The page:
Thursday, June 2, 2011

a bird in the hand

the summer we moved here to the rim 10 years ago my father-in-law and I fenced in part of the side yard off the deck leading from a 3-season porch in order to let the dogs roam free. as a part of that, we put in a dogflap on the original screen door, and when that flap eroded after the 1st winter, we just left the hole open, and when the door itself started falling apart, I replaced it with a heavy wooden windowed door which, because it isn't the right height and won't sit right on the jamb, remains ajar about 6 inches, wide enough to let the dogs through and held to in the wind by a bungee cord.

naturally the gap doesn't let in only the dogs but an assortment of insects and flies and, about 1ce a day in the summer, birds. this is a common phenomenon here. when the dog flap was covered birds were always hopping in under the material and soon we'd see a whispy, fluttering shape darting from 1 side of the porch to the other, the dark movement brilliant against the white paint of the inside of the porch and the multiple windows that let in the afternoon sun.

generally my wife calls me to let the bird out. I am the official bird-letter-outer since I've got the patience for it. my 1st act is to open the door wide and herd the intruder toward it so he or she will make a dash for freedom. but birds are not apparently very good at seeing the difference between an open and closed door and continue to smash themselves against the brightness of the windows instead.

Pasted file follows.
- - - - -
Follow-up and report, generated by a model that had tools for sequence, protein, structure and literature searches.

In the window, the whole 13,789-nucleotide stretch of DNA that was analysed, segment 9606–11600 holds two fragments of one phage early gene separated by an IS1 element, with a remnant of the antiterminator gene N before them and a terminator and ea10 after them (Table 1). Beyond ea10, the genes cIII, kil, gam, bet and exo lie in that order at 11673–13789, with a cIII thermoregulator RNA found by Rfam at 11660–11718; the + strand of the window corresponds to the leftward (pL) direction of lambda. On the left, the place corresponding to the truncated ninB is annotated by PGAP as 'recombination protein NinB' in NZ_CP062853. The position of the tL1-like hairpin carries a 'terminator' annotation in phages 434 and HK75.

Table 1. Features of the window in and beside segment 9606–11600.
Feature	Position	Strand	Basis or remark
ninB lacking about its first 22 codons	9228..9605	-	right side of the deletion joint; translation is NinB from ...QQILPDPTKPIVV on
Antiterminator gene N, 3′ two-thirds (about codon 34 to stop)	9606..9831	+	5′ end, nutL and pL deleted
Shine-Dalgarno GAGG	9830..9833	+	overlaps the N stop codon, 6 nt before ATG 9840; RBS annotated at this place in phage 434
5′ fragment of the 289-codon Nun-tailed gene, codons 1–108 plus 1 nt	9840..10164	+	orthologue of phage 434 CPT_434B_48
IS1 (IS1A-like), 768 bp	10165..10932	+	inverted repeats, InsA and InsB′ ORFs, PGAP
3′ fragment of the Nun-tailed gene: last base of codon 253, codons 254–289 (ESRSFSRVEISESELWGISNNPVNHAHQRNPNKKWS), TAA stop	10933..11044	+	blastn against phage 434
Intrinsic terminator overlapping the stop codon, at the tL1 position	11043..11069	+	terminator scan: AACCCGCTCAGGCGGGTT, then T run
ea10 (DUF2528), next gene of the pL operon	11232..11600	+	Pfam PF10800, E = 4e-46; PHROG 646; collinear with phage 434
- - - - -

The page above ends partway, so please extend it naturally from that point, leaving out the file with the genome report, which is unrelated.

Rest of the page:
after a few minutes, worried that they'll hurt themselves by braining their noggins against the glass or snapping their own necks or exhausting themselves in vain until they suffer a heart attack, I'll catch the bird and release it. this isn't as difficult as it might sound. again, it's a patience game. I follow the bird from window to window to corner to floor, walking slowly and lightly, cooing reassurances all the while. the tone and words aren't really intended to affect the bird, who probably thinks it's all threats and bluster anyway, but reassure me that I can do it.

sometimes this takes 10 or 15 minutes. I have the time. when the bird is against the window or on the floor or in a corner I cup my hands around it gently, muttering all the while, and grip it as tightly and as loosely as possible. the feeling of bird-heart against my palms is indescribable. it is like holding a beating heart must feel. sometimes the bird pecks against my hand, sometimes drawing blood, and that's okay. don't go gently, I tell it in my head, if you think this is the end fight it. life should fight.

I step to the open door and fling my hands open and the bird flies like a shot into the trees and beyond. if birds have the equivalent of religion I like to think of myself as somewhere in it, not a savior but a boddhisattva. I've caught and held dozens, maybe a hundred or more birds like this, even hummingbirds which feel like holding a tiny buzzing cell phone. then I close the door and wash my hands.

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